An event horizon is not in general the same as a singularity in your chosen coordinate system. These happen to coincide for Schwarzschild coordinates, but that’s mostly just because of the way these coordinates have been defined. Physically there is no infinite time dilation at the EH - any test particle in free fall will reach the horizon, fall through it, and continue you on down, all in a finite, well defined proper time. It’s just that in-fall time diverges for a stationary far-away observer on his own clock; here again it is crucially important to recognise the difference of global vs local. A Schwarzschild coordinate system is true and valid locally for a stationary distant observer, but tells you nothing about what physically happens at the horizon itself.

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9 hours ago, Markus Hanke said:

Besides, if you allow G to vary, the overall equation is no longer covariant, and will have completely different solutions.

Of course, the solutions will be different and the event horizon and singularity will not appear in them.

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18 hours ago, SergUpstart said:

This is not about refuting the GRT, but about correcting it. G in the GRT equation must be a variable whose value is inversely proportional to the time dilation.

As far as I know the constant G is required in General Relativity to get time dilation and other predictions in the first place. Saying "G in the GRT equation must be a variable whose value is inversely proportional to the time dilation" sounds like a contradiction.

18 hours ago, SergUpstart said:

The fact that gravity is a curvature of space-time by the momentum energy tensor, the fact that it propagates in the form of gravitational waves at the speed of light, which is constant, all this is beyond doubt.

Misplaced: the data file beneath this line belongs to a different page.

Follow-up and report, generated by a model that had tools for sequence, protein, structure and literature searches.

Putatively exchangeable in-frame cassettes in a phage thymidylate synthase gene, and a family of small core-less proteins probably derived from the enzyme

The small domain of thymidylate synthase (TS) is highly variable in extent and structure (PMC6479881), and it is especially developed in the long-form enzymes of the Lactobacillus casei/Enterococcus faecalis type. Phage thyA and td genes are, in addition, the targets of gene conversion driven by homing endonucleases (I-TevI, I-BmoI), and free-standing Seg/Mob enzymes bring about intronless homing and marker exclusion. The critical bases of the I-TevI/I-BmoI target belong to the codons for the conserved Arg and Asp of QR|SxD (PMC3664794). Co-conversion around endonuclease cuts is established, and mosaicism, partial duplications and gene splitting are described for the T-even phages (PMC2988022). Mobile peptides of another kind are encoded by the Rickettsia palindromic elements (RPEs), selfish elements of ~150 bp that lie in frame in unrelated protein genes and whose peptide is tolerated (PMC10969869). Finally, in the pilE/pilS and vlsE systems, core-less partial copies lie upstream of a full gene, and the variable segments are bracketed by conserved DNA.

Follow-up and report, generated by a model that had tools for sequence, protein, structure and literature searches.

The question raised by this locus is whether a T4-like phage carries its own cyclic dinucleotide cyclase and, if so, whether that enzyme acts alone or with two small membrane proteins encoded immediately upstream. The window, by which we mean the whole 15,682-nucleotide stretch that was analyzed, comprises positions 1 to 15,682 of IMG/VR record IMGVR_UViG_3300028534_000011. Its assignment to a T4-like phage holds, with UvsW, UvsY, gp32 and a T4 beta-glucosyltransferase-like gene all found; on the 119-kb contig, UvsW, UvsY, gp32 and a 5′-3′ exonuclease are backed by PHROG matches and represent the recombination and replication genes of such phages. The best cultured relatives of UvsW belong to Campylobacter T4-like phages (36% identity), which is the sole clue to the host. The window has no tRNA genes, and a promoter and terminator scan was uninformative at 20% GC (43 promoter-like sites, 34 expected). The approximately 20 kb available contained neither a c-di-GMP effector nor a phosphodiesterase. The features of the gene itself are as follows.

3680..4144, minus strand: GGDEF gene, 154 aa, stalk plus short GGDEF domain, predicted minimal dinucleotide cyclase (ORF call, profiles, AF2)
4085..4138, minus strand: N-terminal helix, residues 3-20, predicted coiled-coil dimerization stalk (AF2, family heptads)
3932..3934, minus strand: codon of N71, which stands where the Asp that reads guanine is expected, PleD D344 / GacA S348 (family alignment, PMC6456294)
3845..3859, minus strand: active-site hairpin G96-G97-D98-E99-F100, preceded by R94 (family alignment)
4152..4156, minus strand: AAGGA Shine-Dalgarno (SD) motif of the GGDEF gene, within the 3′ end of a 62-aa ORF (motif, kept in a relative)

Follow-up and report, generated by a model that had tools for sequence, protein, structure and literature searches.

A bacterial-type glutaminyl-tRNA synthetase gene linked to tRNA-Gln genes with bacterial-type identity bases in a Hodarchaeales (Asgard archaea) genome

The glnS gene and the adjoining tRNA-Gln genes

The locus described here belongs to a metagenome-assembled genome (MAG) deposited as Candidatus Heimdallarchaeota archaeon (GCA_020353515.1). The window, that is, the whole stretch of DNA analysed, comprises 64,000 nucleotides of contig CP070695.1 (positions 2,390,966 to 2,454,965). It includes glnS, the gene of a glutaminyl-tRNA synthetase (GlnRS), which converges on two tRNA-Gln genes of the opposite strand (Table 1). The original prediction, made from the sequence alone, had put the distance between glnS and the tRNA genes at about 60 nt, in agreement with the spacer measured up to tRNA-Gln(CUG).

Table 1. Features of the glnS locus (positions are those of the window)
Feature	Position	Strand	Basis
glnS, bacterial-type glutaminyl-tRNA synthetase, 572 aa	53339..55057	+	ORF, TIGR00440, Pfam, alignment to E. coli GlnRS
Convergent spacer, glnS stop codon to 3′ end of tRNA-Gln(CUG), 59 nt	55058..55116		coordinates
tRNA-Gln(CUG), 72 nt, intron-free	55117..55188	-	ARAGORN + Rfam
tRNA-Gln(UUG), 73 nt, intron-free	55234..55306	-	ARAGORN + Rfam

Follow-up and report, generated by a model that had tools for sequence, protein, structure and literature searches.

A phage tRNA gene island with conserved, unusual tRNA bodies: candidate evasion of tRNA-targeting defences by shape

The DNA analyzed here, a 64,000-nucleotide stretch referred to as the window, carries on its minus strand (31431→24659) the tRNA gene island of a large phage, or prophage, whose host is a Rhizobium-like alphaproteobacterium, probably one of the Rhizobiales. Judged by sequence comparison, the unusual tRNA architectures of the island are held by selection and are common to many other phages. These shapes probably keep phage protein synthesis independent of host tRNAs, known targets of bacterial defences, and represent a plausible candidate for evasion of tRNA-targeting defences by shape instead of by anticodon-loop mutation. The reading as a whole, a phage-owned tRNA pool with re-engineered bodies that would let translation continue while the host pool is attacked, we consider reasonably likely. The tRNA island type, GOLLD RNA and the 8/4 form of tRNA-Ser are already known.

Which means that G is constant.

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17 hours ago, SergUpstart said:

Of course, the solutions will be different and the event horizon and singularity will not appear in them.

Think about this a little more. So you have G=kT, but now allow the constant to become a function (what does it even mean to multiply a non-covariant function with a covariant object such as a tensor? How do you define this consistently?).

First thing you’ll notice is that for T=0 you still get G=0, and thus R=0, which is the exact same as ordinary GR - meaning there’s no change whatsoever to vacuum solutions, including Schwarzschild. You still get event horizons and everything else.

The problems begin in the interior of mass distributions, because now your equation is no longer covariant, meaning the geometry of interior spacetime depends on the observer - which is totally nonsensical, and certainly not what we see in the real world. Furthermore, because of observer dependence you cannot, in general, match the interior metric to the exterior vacuum one while maintaining smoothness and differentiability at the boundary - so it’s not just meaningless, but also mathematically inconsistent. Lastly, the actual interior solutions themselves would now be completely different; using known equations of state for fluids would not result in anything even remotely resembling real-world astrophysical objects such as stars, directly contradicting observation.

So, the idea is nonsensical, mathematically inconsistent, and contradicts real-world observation. And this is just the obvious issues. For example, there’s also deeper reasons why the equations have the specific form they do, but I think the above is already enough to show why this can’t work.

16 hours ago, Ghideon said:

Which means that G is constant.

Indeed. And which means you can’t simply change the field equation like that, and expect things to still work.

Edited by Markus Hanke